What is Counselling?
What can I expect of counselling?
Within the counselling relationship you are given the time and space, to explore your feelings in relation to the trauma. Our aim in counselling is to help you reach your full potential, so that your experience of sexual violence no longer controls or overwhelms your life, behaviour and choices. The counsellor is a neutral professional so you do not need to protect them from the intensity of your feelings or the details of your trauma, as you might feel obliged to do with the family or friends you confide in.
You do not have to report to the gardai, go for a medical exam and it does not matter how long ago the assault happened for you to see a counsellor in our Centre.
How long will I be in counselling?
The pace of healing is very individual and is affected by such things as the duration and intensity of the sexual violence, the person’s relationship to the perpetrator, previous traumatic experiences and the degree of support available to the client outside of the counselling setting. You may be with us for six sessions or sixty. People will usually have weekly sessions for some time, and begin to spread out the time between sessions as they feel necessary.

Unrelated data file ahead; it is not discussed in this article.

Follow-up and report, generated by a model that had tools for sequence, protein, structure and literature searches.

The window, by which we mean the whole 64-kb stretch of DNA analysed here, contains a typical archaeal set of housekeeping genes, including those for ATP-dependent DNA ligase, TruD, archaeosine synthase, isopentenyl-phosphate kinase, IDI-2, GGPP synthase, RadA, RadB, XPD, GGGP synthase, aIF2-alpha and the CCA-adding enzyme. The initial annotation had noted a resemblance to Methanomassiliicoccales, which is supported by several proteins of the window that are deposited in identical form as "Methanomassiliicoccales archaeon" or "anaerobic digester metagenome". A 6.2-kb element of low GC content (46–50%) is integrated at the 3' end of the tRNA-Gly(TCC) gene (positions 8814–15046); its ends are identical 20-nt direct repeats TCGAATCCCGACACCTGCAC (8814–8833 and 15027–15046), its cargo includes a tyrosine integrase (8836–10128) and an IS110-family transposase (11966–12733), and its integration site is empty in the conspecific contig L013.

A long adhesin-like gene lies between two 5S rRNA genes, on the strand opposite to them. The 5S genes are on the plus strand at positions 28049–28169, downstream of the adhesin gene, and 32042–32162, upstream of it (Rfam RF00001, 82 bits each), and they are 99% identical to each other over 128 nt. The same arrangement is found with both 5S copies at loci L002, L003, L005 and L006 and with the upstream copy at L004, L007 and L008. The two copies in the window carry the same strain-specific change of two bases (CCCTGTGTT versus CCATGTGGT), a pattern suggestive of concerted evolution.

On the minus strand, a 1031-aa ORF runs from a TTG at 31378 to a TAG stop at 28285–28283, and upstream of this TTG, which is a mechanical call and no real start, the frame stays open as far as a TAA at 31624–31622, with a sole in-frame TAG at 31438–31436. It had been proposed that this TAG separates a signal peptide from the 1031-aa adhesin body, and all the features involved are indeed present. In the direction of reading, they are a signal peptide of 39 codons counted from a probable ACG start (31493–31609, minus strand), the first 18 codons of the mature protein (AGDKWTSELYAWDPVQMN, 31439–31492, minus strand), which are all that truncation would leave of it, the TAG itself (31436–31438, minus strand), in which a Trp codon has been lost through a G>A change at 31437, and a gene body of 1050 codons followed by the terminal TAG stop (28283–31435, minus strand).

Will I see the same counsellor all the time?
Yes. The first time you come to the Centre, however, you might be met by a particular counsellor whose job it is to explain about how we work and following that introductory session you will be contacted by the counsellor who will work with you for as long as you may need.
Is there any help for my partner/family/friends who may be upset about what I have told to them?
Learning that someone you care for has experienced sexual violence can be quite a shock and may leave a supporter feeling helpless. Our services are available to supporters and they will be allocated a counsellor who can talk this through with them either on the helpline or face to face.
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Will counselling help me forget?
Forgetting events of such an extreme nature as sexual violence is not a realistic goal of counselling. What the counselling process can hope to achieve is that the event becomes something which no longer takes over your day to day life. You may in fact find in the course of counselling that you begin to develop positive aspects of yourself that have been dormant or under-developed. Counselling will help you understand that what you are experiencing is in fact a normal reaction to an abnormal event. This does not in any way minimise the range and intensity of feelings experienced by you but re-affirms their normality in the context of what has happened to you.
Call us on 1800 750 780 we are here to listen and support you.